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Reduction of stent thrombosis in patients with acute coronary syndromes treated with rivaroxaban in ATLAS-ACS 2 TIMI 51.

Author(s): Gibson CM(1), Chakrabarti AK, Mega J, Bode C, Bassand JP, Verheugt FW, Bhatt DL, Goto S, Cohen M, Mohanavelu S, Burton P, Stone G, Braunwald E; ATLAS-ACS 2 TIMI 51 Investigators.

Affiliation(s): Author information: (1)Cardiovascular Division, Department of Medicine, Beth Israel Deaconess Medical Center, Harvard Medical School, Boston, MA, USA. mgibson@perfuse.org

Publication date & source: 2013, J Am Coll Cardiol. , 62(4):286-90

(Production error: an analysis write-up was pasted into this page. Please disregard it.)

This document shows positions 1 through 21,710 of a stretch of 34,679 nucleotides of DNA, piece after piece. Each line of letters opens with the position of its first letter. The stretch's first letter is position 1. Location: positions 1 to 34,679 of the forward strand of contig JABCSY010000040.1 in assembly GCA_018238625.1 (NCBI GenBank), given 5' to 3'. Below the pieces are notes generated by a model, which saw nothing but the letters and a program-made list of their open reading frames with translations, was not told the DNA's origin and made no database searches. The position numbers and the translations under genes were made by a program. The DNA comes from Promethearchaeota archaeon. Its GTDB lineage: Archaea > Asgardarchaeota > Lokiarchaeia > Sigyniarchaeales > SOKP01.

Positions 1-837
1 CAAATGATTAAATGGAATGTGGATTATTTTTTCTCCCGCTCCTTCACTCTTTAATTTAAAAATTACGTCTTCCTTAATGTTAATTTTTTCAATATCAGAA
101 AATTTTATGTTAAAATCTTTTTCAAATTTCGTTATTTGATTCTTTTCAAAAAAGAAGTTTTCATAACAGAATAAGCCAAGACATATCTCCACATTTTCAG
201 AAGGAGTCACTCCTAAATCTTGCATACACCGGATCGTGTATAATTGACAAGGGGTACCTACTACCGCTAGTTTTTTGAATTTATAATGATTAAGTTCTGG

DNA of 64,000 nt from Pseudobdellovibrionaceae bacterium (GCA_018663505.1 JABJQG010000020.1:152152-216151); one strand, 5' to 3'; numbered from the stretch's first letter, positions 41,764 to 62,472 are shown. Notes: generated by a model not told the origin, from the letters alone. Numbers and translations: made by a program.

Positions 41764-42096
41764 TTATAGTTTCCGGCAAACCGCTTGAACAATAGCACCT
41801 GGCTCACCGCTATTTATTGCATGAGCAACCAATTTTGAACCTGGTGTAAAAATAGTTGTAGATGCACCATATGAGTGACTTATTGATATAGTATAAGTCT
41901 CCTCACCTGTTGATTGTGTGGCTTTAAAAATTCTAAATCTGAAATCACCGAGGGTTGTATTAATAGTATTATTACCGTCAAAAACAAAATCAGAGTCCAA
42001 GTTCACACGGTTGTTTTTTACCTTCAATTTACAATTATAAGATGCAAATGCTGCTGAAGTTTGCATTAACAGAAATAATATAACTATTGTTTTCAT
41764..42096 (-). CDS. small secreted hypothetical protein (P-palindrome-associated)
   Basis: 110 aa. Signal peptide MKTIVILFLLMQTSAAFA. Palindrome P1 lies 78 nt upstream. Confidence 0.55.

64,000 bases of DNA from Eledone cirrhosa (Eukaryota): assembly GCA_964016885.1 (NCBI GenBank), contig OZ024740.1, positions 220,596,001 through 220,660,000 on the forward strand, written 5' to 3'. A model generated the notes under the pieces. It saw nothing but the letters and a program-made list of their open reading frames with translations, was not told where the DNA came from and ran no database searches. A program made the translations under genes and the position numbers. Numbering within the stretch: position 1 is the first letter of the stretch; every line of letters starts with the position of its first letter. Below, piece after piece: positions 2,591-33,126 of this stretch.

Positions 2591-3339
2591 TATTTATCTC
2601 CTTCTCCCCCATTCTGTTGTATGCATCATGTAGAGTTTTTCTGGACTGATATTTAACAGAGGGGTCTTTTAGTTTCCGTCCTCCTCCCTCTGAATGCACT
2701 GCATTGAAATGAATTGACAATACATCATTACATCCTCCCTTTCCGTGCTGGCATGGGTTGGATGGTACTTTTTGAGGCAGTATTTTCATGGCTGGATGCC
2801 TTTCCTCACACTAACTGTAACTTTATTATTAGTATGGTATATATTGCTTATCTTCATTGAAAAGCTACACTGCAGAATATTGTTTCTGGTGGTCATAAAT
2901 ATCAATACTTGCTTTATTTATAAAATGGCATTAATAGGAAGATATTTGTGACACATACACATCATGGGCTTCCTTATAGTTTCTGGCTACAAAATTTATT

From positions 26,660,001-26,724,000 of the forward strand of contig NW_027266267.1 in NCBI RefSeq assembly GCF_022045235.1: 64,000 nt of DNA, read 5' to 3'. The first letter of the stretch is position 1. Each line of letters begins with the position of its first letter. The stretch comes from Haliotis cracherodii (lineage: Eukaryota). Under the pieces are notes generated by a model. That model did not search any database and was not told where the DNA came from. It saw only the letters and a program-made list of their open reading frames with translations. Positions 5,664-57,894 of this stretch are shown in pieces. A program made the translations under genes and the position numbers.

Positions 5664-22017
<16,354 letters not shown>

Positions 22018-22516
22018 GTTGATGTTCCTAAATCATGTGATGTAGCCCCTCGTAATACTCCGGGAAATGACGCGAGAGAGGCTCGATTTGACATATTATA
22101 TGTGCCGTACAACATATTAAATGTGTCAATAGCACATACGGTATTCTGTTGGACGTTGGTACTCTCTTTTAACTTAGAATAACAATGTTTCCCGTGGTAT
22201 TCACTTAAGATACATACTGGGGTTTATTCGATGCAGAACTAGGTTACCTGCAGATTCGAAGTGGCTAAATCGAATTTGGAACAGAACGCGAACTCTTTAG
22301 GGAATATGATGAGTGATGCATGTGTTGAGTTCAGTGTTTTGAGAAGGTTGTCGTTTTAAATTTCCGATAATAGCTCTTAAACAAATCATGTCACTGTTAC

OBJECTIVES: The aim of this study was to determine if rivaroxaban is associated with a reduction in stent thrombosis among patients with acute coronary syndromes (ACS) in the ATLAS-ACS 2 TIMI 51 (Anti-Xa Therapy to Lower Cardiovascular Events in Addition to Standard Therapy in Subjects With Acute Coronary Syndrome-Thrombolysis in Myocardial Infarction 51) trial. BACKGROUND: Dual antiplatelet therapy (DAPT) has been the mainstay of efforts to prevent stent thrombosis. Because thrombin is a potent stimulant of platelet activation, we hypothesized that inhibition of thrombin generation via factor Xa inhibition may further reduce the risk of stent thrombosis. METHODS: The ATLAS-ACS 2 TIMI 51 study was a placebo-controlled trial that randomly assigned 15,526 patients with recent ACS to receive twice-daily doses of either 2.5 mg or 5 mg of rivaroxaban or placebo for a mean of 13 months and up to 31 months. RESULTS: Among patients who had a stent placed before or at the time of the index event, rivaroxaban significantly reduced independently adjudicated Academic Research Consortium definite and probable stent thrombosis in the pooled (1.9% vs. 1.5%; hazard ratio [HR]: 0.65; p = 0.017) and the 2.5 mg twice-daily (1.9% vs. 1.5%; HR: 0.61; p = 0.023) treatment groups when compared with placebo, with a trend toward a reduction in the 5 mg twice-daily treatment group (1.9% vs. 1.5%; HR: 0.70; p = 0.089). Among patients who received both aspirin and a thienopyridine (stratum 2), the benefit of rivaroxaban emerged during the period of active treatment with DAPT (HR: 0.68; 95% CI: 0.50 to 0.92, combined rivaroxaban group vs. placebo). Among stented patients who were treated with dual antiplatelet therapy, there was a mortality reduction among those treated with twice-daily rivaroxaban 2.5 mg (HR: 0.56; 95% CI: 0.35 to 0.89; p = 0.014). CONCLUSIONS: Among stented patients with ACS treated with DAPT, the administration of twice-daily rivaroxaban 2.5 mg was associated with a reduction in stent thrombosis and mortality. (An Efficacy and Safety Study for Rivaroxaban in Patients With Acute Coronary Syndrome; NCT00809965).

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